What is Vulvar Dermatitis?

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  • Written By: Meshell Powell
  • Edited By: Melissa Wiley
  • Last Modified Date: 01 November 2018
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Vulvar dermatitis is considered to be a type of eczema and is a skin condition that affects the female genitalia and sometimes the buttocks. There are two types of vulvar dermatitis, referred to as endogenous vulvar dermatitis and exogenous vulvar dermatitis. Both are considered to be autoimmune disorders and cause pain and itching in the vaginal area. Treatments involve lifestyle changes and medications aimed at relieving symptoms.

Endogenous vulvar dermatitis is thought to have a genetic cause. Topical medications such as creams or ointments are often used for this condition in order to reduce the amount of irritation and relieve the pain and itching. Keeping the vaginal area clean is especially important in those women who suffer from this type of skin disorder. Using mild soaps without added perfumes may help to prevent irritation.

Exogenous vulvar dermatitis is caused by allergic reactions or sensitivities to certain chemicals or other substances that come into contact with the sensitive vaginal area. This can cause a rash as well as swelling and flaking of the skin. Different substances can trigger an episode of vulvar dermatitis in different women. Common triggers include soaps, lotions, and latex. Eliminating as many triggers as possible can lengthen the amount of time between outbreaks.


Some women with vulvar dermatitis find they cannot tolerate vaginal lubricants or contraceptives and may also be sensitive to condoms, particularly those made from latex. If this is a problem, a gynecologist can help to decide upon alternate methods of contraception. Unfortunately, some women are also sensitive to bodily fluids such as semen. These concerns should be addressed with a doctor.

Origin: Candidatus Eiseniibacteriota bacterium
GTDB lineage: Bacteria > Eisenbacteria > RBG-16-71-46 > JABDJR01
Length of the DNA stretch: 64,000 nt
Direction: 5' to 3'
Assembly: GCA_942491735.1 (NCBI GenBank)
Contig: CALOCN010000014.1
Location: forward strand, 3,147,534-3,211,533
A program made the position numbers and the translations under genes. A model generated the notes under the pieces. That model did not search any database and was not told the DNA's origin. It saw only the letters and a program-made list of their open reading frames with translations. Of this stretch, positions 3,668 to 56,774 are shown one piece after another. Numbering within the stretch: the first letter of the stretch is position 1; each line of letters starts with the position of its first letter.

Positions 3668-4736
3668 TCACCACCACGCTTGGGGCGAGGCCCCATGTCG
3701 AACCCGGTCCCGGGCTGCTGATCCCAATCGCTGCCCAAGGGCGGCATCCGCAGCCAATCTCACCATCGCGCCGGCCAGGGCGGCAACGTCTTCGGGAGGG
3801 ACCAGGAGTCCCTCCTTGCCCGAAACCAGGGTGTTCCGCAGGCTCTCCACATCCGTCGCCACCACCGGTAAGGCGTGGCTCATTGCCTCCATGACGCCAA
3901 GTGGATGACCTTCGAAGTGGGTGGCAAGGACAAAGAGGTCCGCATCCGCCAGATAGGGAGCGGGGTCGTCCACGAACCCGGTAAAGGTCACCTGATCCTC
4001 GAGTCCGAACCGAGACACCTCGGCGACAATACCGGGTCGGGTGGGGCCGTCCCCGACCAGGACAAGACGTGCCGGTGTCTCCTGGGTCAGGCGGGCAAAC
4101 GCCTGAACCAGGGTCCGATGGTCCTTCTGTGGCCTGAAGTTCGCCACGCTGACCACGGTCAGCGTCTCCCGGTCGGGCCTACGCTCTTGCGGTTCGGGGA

The amount of itching with this skin condition can become quite intense. It is very important that the patient does not scratch the area if at all possible. Scratching can cause further irritation and allow harmful bacteria to enter the bloodstream, possibly leading to infection. Doctors will often perform tests to verify that the condition is actually a form of dermatitis instead of something more serious, such as cancer.

Topical estrogen creams are often prescribed to treat the symptoms of this condition. However, as estrogen is a natural female hormone, it could possibly cause adverse reactions when used on young girls. For this reason, girls should be carefully monitored by a physician when using this type of medication. If the patient develops recurrent outbreaks, the doctor may prescribe a type of steroid cream instead of using a hormonal cream.


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Post 3

I've noticed that sweat makes dermatitis and eczema symptoms worse. My dermatitis is doing a lot better since I've started using fragrance-free baby powder down there. It relieves the itch too.

Post 2

@fBoyle-- Mine disappeared when I switched to all hypoallergenic products. There are so many possible irritants out there that might be triggering your dermatitis. The laundry detergent you're using, contraceptives, the type of fabric of your underwear, your body wash, even your toilet paper can cause it.

I suggest switching to all mild products without perfumes or harsh chemicals in them. You need to use organic soap, and perfume-free laundry detergent. Don't use underwear that's not 100% cotton. Don't use lubricants and contraceptives with chemicals and perfumes.

Post 1

I have vulvar dermatitis, it's a very irritating condition. I can't figure out what is causing mine. I have followed all of my doctor's recommendations and have eliminated possible irritants. I used estrogen cream, it didn't work and now I'm on steroid cream. The steroid cream doesn't seem to be working either.

Is anyone else suffering from this? Has anyone found a vulvar dermatitis treatment that eliminates the condition entirely?

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